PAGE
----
The trail didn’t get any easier, and if anything actually got harder. The footing was horrible and we had some pretty steep ascents and descents. It resulted in us doing a lot of walking and slow jogging, but when we hit a decent stretch of trail Jr would take off. I did my best to hold on to him during those stretches. For the most part I was holding close to him, but it got harder and harder to do with each passing mile. I found myself focusing on just making it to the 10 mile mark and his car. I wasn’t going to quit, but I couldn’t look any further ahead than that point, or I would start the negative downward spiral mentally.

Almost two hours after leaving the gas station we finally reached the road where Jr had parked his car. Unfortunately, the trail didn’t cross the road where we thought it did, but it was close enough. We only had about 100 yards on the road to get to his car, where we pulled out our stash of food and drink. While refueling we discussed how long it had taken for us to reach that point, how far we had left to go, and terrain that we would most likely encounter. We quickly came to realization that instead of the 6-7 hour run we had thought we were going to do, that it was more likely going to be well over 10 hours. This was more time than either of us really wanted to put into the run, and to my relief, Jr agreed that we should turn back.

A few more minutes of rest, food, drink and foam roller and we started back the way we came. I had tightened up pretty good during that stop and really started to struggle to keep up. Jr was running strong, and now that he knew we weren’t going 30 miles, but rather only 20 miles which he’d done before (though not on trails), he started pushing the pace. I was struggling to lift my right foot enough to clear the rocks and roots so I wouldn’t trip or injure him further. As a result, I wasn’t paying as much attention as I should have been on where I was stepping with my left foot. I was only concerned with getting enough lift with my right.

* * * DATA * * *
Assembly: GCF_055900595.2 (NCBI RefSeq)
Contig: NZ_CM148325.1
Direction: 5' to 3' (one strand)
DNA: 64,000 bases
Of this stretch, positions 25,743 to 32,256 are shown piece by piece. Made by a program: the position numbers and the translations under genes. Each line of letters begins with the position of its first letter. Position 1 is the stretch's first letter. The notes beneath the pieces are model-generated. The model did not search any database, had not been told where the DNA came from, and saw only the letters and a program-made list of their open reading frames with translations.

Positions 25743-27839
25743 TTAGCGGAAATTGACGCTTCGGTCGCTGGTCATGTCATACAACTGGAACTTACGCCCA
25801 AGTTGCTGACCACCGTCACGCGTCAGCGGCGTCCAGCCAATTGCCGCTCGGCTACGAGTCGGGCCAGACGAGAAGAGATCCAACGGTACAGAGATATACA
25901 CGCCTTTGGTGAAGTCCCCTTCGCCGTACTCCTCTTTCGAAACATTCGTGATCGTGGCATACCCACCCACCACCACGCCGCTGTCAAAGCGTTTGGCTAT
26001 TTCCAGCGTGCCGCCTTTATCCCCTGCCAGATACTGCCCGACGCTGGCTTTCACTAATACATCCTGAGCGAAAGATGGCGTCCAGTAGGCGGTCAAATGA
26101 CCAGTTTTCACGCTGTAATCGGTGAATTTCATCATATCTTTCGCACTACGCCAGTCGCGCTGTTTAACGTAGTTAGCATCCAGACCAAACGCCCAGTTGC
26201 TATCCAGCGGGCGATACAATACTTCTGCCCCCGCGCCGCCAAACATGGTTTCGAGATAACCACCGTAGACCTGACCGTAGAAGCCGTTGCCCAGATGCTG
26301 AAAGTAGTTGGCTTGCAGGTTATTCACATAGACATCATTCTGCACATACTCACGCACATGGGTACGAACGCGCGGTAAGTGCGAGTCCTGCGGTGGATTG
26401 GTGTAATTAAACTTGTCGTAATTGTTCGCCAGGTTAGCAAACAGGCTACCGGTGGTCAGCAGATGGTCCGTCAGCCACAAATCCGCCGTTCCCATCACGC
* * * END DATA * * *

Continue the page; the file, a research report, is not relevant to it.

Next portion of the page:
About 2 ½- 3 miles into the return I paid the price for my inattention to my footing. As I was swinging my left leg through I smashed my pinky toe into a large rock, and the momentum of my foot and leg kept them traveling forward. Unfortunately my pinky toe remained with the rock (remember, I wear Vibram Five Fingers). The toe was forcefully ripped to the side and I felt an immediate sharp burning pain sear through my foot. I’ve stubbed many a toe over the years, and some of them very hard, but I knew instantly that this wasn’t a stub. It was broken. Plain and simple, there was no doubt in my mind, I broke my toe.

Despite the quick eruption of pain in my left foot, and the shout of pain that escaped me, I kept running. Jr heard me, glanced back, saw that I was still running and so he continued on not knowing what I just did. We still had over 7 – 7 ½ miles left to get back to my truck. I could have stopped and turned back for Jr’s car, but we had already shortened the run, I didn’t want to totally kill it for him, so I kept running.

The rest of the run was just a painful blur. I could no longer push off on my left foot, and could lift my right. This resulted in me catching my right foot more and more often on roots and rocks. Each time that I did so, the hip got a little bit worse. And, because of how rocky the trail was, I kept banging and catching my broken toe on other roots and rocks, most of which with healthy toe wouldn’t have been that bad, but were now causing me a good deal of pain. After what seemed an eternity to me, we reached the gas station again, which meant only 5 remaining miles to run.

We both got something to eat and drink while we were at the gas station. Jr inquired about my hip, and I told him it hurt, but I’d make it. I decided not to tell him about the toe just yet. I didn’t want him to try getting me to stay at the gas station while he went for truck, or to cause him to quit the run. It is just a pinky toe after all, and though it was painful, and I could tell very swollen, it wasn’t going to kill me. I’d been struggling to keep within visual range of him on the good sections of trail, and was taking some risks to try and catch back up on the bad, but I thought I could make the remaining distance without slowing him too much. So when he was ready to run again, so was I.